1. What first sparked your interest in sports journalism?
I have been fascinated by sports journalism since I could read. I remember that my brother, Andrew '81, and I had to take turns reading the sports section of the Philadelphia Inquirer during breakfast, and on his days, I would read it upside down in order to keep up with what was happening.
Haverford played a big role in my becoming a journalist. My first published article was in The Index when I was in Form I (seventh grade). The 12-year-old basketball team went undefeated, and I lobbied to get a piece in the paper about the team. Until that time, Middle School sports didn't get any attention from The Index. When I was in Form III (ninth grade), I started writing pieces about Haverford teams for the Main Line Times, and later contributed to the Suburban and Wayne Times.
2. What do you do on a day-to-day basis?
It's important to mix everything together just about every day. As a freelance writer, I am responsible for finding work, as well as reporting and actually composing articles. I have to look at it as a business, with my "product" being a combination of the ideas I generate and the actual completion of projects. During the school year, I must also be grading papers, preparing for class, and communicating with students. As faculty adviser to Villanova's student newspaper, I'm making sure that the content is appropriate, and that the staff members are working to make the online and print products better each week. It makes for a fun combination, and the constant moving from article to article with my writing and from week to week at Villanova keeps things fresh. I tell my students that I always look forward to getting into the office (and classroom) every day, and I mean it.
3. What keeps you passionate about your work?
In the late 1980s, I read a book based on the PBS documentary about Joseph Campbell entitled The Power of Myth. In it, he said, "If you follow your bliss, doors will open for you that wouldn't have opened for anyone else." At the time, I was working for an advertising agency and wasn't too happy with my work. Within a year, I went out on my own as a writer, doing what I had always wanted to do.
I could be making more money doing something else, but I know I wouldn't be as happy and fulfilled as I am writing, broadcasting, and teaching. I have been doing this for almost 27 years, and I can honestly say that I still get excited about new and exciting article assignments, and I can't wait for each semester to start. I hope to maintain this level of passion and enthusiasm for many years to come.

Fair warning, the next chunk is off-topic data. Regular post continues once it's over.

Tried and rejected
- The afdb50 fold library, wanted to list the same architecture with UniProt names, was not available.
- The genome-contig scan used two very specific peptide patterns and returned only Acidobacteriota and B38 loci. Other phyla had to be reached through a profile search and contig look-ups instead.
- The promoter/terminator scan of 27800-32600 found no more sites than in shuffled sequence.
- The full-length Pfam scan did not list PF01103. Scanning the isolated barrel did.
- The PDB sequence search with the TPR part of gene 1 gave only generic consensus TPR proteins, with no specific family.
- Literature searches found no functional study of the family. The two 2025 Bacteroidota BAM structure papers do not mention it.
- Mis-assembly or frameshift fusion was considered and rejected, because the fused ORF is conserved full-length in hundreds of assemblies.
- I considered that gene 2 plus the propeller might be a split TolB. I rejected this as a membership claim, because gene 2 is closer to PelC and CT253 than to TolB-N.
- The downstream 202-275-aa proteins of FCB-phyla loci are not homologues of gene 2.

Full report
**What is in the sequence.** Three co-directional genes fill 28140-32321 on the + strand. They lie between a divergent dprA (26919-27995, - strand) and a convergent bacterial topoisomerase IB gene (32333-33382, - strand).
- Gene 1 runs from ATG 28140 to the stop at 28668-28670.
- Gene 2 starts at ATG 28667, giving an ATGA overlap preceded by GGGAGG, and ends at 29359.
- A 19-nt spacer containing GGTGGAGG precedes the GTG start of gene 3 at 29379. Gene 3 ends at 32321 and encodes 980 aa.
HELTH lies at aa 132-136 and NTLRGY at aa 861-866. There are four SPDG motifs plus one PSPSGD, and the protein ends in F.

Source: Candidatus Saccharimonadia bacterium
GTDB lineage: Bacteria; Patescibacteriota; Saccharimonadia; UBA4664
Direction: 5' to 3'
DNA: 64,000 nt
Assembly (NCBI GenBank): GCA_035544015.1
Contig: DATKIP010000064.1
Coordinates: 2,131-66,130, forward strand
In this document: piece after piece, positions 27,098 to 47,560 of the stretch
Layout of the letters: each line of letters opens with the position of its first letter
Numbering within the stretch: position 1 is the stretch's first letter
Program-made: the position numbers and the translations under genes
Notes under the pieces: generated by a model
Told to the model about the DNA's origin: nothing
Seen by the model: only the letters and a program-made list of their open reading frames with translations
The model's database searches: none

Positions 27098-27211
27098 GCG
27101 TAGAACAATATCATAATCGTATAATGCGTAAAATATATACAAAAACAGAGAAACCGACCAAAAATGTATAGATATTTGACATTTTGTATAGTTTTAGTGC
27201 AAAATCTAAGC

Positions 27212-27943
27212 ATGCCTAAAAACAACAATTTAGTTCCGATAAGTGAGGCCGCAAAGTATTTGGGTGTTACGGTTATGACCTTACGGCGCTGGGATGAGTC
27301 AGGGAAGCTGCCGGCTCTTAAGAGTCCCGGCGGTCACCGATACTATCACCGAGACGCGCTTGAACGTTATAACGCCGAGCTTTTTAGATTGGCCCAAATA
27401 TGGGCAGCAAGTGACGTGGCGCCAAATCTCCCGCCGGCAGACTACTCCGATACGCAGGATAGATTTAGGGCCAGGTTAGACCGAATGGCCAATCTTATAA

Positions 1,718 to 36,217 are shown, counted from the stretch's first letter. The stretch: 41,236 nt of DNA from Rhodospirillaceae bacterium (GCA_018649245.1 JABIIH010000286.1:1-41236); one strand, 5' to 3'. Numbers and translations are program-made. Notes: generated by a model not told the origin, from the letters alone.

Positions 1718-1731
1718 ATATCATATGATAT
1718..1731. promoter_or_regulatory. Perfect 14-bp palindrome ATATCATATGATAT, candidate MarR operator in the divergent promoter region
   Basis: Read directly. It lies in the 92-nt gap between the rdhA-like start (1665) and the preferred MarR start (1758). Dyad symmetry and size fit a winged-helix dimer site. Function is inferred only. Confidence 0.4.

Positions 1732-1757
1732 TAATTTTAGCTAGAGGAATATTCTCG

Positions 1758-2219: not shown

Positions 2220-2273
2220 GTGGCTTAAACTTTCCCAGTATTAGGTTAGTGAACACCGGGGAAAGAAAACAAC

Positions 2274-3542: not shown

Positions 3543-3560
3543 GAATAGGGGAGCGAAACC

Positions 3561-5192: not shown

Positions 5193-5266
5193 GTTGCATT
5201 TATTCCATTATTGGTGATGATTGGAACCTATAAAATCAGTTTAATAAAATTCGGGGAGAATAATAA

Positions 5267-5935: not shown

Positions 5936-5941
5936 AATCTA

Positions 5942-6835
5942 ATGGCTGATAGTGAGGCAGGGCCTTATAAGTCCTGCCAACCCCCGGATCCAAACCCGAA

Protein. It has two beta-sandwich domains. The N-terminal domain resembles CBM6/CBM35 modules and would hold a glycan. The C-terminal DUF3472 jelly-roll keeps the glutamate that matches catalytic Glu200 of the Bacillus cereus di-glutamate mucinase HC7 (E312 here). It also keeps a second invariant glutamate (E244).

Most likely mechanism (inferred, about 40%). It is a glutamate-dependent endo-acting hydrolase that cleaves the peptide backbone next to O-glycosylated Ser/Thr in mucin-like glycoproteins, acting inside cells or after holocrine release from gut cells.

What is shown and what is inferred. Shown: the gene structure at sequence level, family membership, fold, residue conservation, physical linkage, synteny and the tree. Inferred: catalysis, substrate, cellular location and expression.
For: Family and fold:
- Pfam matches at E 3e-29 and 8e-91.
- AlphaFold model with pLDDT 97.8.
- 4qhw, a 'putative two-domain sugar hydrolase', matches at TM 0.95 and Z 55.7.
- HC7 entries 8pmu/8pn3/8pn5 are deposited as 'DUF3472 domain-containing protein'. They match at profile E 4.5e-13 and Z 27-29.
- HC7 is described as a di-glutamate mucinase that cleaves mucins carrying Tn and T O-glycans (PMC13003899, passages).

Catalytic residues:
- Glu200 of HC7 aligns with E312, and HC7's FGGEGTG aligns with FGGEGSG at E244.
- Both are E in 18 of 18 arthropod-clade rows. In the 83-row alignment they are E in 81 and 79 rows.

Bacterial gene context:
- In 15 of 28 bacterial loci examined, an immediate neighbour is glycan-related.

4. What lessons from Haverford do you carry with you, still?
When I was at Haverford, the English Department instituted the "Death List," a list of forbidden grammatical errors, along with corresponding point deductions from the papers of those who committed them. Originally begun by Mr. George Miller as the "Sudden Death List", which brought automatic failure to those who had even one such offensive breech of the language, it was later softened but could still turn a relatively successful enterprise into a near-failing disappointment. One misstep on the list was the split infinitive. Years after my graduation from Haverford, I came upon an op-ed piece in The New York Times calling for an end to the consideration of the split infinitive as a grammatical crime. I clipped the piece and mailed it to former English Department head Mr. Ed Hallowell with a simple note: "I demand reparations!" Although he was cheered by the missive's spirit, he was intractable. "Absolutely not!" was his reply. To this day, I deduct points from my Villanova students who commit the transgression.
The Haverford environment is so conducive to personal improvement, and even though I had plenty of moments where I didn't exactly maximize my potential, being around so many talented people forced me to learn what it took to compete. I missed just two days during high school (and one was for a college visit), not because I had an iron constitution or anything, but because I enjoyed being in the fray. The writing instruction I received from people like Bob Jameson prepared me for my current job more than the lessons from my college professors. The foundation from Haverford remains a huge part of anything I do well today. (And you can't beat the stories of antics from members of the legendary Class of 1979!)
Michael Bradley '79 is an instructor in the Department of Communication at Villanova University. A former newspaper reporter, Bradley is at home discussing sports and the future of sports journalism. He writes for several national publications and websites and is a host on 97.5 FM The Fanatic, Philadelphia's sports radio station. Bradley also contributes to a variety of radio stations around the country and can be seen quasi-regularly on Fox29's "Good Day" program, although it is advised not to view his appearances in HD. Bradley earned a B.A. from the University of Michigan and a M.A. from Villanova.
- The Big Room Blog